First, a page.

Using Hugo, GitLab Pages, and Cloudflare to create and run this Website

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In this post, I outline how I develop and run this blog site. I briefly explain my technology choices and give detailed instructions about how to use the resulting stack to create such a project. If you stick with me until the end, you will know how to run a beautiful, easily customizable static website for free.

When I decided to start this blog for the reasons outlined in my first post, I was already familiar with GitLab Pages, and the MkDocs static site generator. I am using this combination for creating documentation websites, and it is working very well.

Therefore, it was an easy choice for me to also rely on GitLab Pages for this site. I will cover its features in a later section of this post. With hosting already covered, I just needed to create the actual site.

Creating the site with Hugo

Before starting this blog, the only static site generator I used in production environments was MkDocs, which is intended for documentation and clearly not a good choice for creating a personal blog site.

A good overview of more appropriate alternatives is given on For my purpose, probably all the popular projects would have been good choices. I decided to go with Hugo for two reasons:

  1. It is written in Go, a language with a promising future that I wanted to try out for a while already.
  2. There is a very well-curated list of open-source themes directly on the official website.

So let’s get to work.

To get started on Ubuntu, we can execute just two commands to install hugo and create a new project:

# install hugo
sudo snap install hugo

# create a new project
hugo new site personal-blog

If you are not using Ubuntu, your system’s package manager likely provides a similarly easy experience. Refer to the official documentation for installation instructions for other operating systems.

Before we start to work on our site, we want to install a theme:

# install the theme
cd personal-blog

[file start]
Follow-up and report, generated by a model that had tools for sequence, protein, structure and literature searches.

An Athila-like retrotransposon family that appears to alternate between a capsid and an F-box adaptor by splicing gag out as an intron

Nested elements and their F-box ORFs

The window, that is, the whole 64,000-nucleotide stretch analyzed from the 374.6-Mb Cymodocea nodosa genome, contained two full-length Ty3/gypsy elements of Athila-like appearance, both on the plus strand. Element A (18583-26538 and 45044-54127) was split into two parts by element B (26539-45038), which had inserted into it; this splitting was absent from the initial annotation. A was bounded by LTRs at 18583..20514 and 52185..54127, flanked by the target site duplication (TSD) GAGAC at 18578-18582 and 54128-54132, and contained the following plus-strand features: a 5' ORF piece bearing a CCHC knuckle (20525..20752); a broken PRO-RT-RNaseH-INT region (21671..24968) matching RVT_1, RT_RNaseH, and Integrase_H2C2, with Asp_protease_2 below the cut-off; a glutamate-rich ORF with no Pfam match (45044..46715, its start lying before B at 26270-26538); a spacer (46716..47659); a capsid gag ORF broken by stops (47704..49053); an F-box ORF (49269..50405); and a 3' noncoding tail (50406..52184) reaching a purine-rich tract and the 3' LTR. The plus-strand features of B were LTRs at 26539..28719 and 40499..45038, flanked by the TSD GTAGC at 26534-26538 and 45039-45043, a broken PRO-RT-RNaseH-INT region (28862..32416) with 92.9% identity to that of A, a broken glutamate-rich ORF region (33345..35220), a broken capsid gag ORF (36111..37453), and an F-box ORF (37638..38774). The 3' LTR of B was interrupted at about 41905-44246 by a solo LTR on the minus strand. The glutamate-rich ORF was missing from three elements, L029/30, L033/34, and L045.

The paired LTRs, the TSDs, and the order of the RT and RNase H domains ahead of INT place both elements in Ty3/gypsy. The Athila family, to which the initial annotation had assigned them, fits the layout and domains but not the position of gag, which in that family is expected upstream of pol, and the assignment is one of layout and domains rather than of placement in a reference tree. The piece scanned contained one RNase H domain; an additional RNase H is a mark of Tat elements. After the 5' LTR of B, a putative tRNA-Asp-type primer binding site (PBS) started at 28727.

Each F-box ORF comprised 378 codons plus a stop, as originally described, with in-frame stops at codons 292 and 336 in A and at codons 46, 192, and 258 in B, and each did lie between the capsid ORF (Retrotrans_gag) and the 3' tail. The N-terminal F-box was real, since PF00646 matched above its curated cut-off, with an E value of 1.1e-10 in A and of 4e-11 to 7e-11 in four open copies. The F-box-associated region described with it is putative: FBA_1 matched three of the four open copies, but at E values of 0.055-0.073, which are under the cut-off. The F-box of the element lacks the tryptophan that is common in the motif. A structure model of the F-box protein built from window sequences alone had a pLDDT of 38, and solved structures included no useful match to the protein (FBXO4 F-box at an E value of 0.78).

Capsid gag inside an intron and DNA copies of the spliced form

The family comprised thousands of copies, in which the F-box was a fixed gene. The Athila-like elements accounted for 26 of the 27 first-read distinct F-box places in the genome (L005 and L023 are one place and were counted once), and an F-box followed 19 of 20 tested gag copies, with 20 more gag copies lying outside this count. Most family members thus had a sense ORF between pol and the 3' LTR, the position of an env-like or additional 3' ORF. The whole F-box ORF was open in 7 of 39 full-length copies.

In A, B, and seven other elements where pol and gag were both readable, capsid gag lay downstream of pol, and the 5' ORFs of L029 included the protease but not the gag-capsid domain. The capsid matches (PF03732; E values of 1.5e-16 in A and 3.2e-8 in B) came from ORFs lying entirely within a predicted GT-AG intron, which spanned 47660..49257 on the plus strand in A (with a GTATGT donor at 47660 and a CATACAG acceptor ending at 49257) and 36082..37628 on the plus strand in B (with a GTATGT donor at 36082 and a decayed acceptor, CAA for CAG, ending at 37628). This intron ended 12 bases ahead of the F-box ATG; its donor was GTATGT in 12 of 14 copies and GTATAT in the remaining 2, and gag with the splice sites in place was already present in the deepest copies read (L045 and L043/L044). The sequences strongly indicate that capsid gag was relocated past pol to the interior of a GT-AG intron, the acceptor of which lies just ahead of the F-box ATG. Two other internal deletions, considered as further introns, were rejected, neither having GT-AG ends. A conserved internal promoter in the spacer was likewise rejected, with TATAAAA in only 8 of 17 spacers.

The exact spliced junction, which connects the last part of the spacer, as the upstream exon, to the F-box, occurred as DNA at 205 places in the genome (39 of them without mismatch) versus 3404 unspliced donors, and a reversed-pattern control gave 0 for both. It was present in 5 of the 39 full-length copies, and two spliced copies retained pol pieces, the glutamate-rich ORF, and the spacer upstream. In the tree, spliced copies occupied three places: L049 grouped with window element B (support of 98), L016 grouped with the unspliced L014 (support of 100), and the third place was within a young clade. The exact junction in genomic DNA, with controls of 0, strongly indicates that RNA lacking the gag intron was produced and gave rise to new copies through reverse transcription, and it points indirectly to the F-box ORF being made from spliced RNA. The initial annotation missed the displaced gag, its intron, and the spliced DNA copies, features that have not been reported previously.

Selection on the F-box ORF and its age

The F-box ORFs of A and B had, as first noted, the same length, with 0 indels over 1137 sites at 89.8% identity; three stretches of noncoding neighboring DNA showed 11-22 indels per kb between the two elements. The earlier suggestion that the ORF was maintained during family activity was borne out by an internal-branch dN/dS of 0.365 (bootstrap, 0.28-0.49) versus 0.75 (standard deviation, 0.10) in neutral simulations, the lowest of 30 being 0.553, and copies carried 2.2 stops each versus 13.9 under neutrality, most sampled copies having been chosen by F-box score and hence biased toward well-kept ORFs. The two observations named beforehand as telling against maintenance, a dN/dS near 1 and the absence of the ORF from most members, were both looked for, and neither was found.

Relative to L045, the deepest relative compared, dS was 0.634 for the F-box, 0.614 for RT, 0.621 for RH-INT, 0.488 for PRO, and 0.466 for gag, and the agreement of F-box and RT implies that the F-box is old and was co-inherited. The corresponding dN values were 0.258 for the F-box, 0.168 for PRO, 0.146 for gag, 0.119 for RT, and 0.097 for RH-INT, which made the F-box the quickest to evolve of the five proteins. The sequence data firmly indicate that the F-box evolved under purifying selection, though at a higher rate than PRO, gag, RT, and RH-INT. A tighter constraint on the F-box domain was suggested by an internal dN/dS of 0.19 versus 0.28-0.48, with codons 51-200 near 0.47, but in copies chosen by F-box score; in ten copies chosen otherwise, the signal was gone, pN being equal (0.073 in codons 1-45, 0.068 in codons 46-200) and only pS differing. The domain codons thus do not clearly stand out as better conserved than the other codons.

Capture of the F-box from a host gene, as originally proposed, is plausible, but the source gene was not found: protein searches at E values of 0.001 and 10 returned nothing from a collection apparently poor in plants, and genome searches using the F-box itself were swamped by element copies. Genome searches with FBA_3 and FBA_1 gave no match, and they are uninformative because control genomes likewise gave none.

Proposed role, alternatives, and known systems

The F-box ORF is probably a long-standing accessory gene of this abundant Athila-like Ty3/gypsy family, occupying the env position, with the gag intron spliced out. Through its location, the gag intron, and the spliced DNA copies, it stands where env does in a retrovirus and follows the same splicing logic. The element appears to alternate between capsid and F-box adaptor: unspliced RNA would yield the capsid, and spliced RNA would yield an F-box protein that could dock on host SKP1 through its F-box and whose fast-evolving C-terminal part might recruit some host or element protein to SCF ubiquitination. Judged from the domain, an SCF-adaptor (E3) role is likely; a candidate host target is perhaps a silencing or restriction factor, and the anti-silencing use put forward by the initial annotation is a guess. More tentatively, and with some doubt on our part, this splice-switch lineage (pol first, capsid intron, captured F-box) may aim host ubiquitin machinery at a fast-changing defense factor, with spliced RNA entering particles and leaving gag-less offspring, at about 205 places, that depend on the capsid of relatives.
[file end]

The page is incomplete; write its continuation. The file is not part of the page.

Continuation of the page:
git init
git submodule add themes/hugo-coder

I like that Hugo is very forward about using GIT submodules to install themes. This makes it easy to apply changes to the theme while keeping the connection to the original theme project. In an upcoming blog post, I will detail which changes I made to the theme itself. For now, we are perfectly fine with the default Hugo-Coder theme.

We only need to apply some basic configuration. Simply replace the content of config.toml with the following:

baseurl = ""
title = "johndoe"

theme = "hugo-coder"

    author = "John Doe"
    description = "John Doe's personal website"
    keywords = "blog,developer,personal"
    info = "Full Stack Magician"
    avatarurl = "images/avatar.jpg"
    footercontent = "Enter a text here."

    series = "series"

# Menu links
    name = "Blog"
    weight = 1
    url  = "/posts/"

Then, we create the first post:

hugo new posts/

For the theme to properly recognize the new blog post, we have to replace the content of the newly created /content/posts/ with the following:

date = "2019-01-01"
title = "My first Post"
slug = "my-first-post" 
tags = []
categories = []
series = []

Finally, we can get a first look at our new personal portfolio and blogging site, by starting up the Hugo development server. Simply type

hugo server

Then go to http://localhost:1313/ to see your new site:

Hugo coder default page.

Hugo coder default page.

Testing your site locally is great, but showing the whole world that you are John Doe, the Full Stack Magician is something else entirely. Luckily, we are very close to doing just that.

Hosting with GitLab Pages

GitLab Pages is similar to GitHub Pages. Both allow free hosting of static websites. GitLab Pages enables you to build the hosted static content via GitLab’s CI/CD features. This means that your site will automatically be rebuilt on every commit to the repository. Until the release of GitHub Actions, GitHub could not do this. Instead, you had to build the site locally and commit the static files to the repository. Nowadays, both GitLab and GitHub are perfectly fine choices to host your static site.

Naturally, we start by creating a new repository. Before pushing anything to this repository, you might want to perform some usual GIT maintenance tasks, such as creating a .gitignore file. If you do not know it yet, you should have a look at the service service. The site generates .gitignore files depending on your technology stack. For Hugo, it will for example exclude the /public/ folder, which is very much what we want, because we will build this folder via a GitLab CI pipeline on every push to the repository.